Krystal Ball and Saagar Enjeti announced Friday that they were leaving the Hill, where they helmed the popular morning show Rising, and going independent. It seemed like a shock, considering the Hill‘s YouTube subscriber count ballooned with Krystal and Saagar in front of the cameras. But sources close to the show tell Cockburn that the duo’s departure was a long time coming.
The problem may have been political. Krystal and Saagar started cohosting Rising together two years ago and began covering populist issues from a left and right perspective, focusing on areas of agreement between the two sides of the political spectrum. The pair earned a New York Times media profile and appeared on The Joe Rogan Experience. While viewers kept coming back for Krystal and Saagar’s independent streak, the Hill was apparently not so pleased. A source described the outlet as ‘controlling’, explaining that certain guests and topics were frequently nixed by upper management.
The Hill ‘consistently tried to undermine Krystal and Saagar’, the source said, which ultimately led to a series of contract disputes. A major area of contention was the fact that Krystal and Saagar were not allowed to talk about their other projects (both host separate podcasts) on their own show.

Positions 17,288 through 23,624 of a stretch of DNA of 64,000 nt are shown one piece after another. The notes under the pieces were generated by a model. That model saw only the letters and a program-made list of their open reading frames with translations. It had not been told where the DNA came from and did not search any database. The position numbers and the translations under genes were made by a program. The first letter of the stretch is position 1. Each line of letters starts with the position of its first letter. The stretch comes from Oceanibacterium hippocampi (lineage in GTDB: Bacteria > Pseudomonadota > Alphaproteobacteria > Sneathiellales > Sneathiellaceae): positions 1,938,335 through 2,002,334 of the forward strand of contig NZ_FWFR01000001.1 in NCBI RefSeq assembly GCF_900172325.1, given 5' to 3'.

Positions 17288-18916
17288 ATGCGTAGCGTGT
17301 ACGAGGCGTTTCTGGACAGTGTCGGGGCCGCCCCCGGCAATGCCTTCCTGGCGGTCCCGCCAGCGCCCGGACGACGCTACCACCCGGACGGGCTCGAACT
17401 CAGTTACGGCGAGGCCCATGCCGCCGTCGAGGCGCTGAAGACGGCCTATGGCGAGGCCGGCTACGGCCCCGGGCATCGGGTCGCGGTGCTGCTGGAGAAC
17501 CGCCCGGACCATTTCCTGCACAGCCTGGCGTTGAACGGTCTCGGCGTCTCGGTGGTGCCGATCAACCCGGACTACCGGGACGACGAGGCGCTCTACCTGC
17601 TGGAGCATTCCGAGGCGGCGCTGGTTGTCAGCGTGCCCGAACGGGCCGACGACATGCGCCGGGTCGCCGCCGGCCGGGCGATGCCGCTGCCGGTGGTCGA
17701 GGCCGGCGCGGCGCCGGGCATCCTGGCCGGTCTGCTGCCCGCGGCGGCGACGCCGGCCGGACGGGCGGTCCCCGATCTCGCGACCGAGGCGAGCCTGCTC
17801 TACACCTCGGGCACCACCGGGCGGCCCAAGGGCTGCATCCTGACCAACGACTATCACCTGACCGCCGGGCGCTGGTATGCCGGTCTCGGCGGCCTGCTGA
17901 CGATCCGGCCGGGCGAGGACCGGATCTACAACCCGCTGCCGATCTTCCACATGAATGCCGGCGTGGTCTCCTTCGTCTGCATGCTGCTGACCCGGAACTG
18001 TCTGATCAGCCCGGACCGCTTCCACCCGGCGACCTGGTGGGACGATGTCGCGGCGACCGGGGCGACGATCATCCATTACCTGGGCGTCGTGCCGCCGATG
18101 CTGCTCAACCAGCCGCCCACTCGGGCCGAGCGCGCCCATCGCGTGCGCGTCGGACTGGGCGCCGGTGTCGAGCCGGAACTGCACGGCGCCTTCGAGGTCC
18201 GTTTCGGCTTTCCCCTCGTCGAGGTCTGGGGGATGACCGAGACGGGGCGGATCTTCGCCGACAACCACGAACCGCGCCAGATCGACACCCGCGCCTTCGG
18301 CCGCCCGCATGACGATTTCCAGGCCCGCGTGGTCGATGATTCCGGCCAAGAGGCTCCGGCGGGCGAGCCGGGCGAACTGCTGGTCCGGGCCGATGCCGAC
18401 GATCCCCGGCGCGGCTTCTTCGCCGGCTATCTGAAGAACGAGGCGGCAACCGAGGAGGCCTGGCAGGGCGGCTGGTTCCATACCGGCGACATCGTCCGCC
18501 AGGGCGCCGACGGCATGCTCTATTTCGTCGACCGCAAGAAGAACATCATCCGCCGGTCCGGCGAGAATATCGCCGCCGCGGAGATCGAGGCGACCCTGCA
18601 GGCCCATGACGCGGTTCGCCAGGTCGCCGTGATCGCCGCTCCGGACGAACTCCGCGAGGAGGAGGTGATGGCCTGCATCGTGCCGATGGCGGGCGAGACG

Krystal and Saagar released a new video discussing why they left the Hill on Tuesday but did not get into the specifics of the contract issues. Instead they cited a desire to wade into the independent media landscape and move to a subscription-based model. The Hill has not been as gracious. The outlet scrubbed Krystal and Saagar’s goodbye video to the Rising audience from its YouTube channel with no explanation. Perhaps they were aghast at the number of viewers commenting that Krystal and Saagar’s departure meant they were going to unsubscribe from the channel.
The Hill will continue to produce Rising with new hosts — the Intercept‘s Ryan Grim and the Federalist‘s Emily Jashinsky. Krystal and Saagar will keep hosting their own podcasts and will be co-hosting a new show called Breaking Points. Cockburn is interested to see what the pair puts out free of the Hill‘s corporate influence.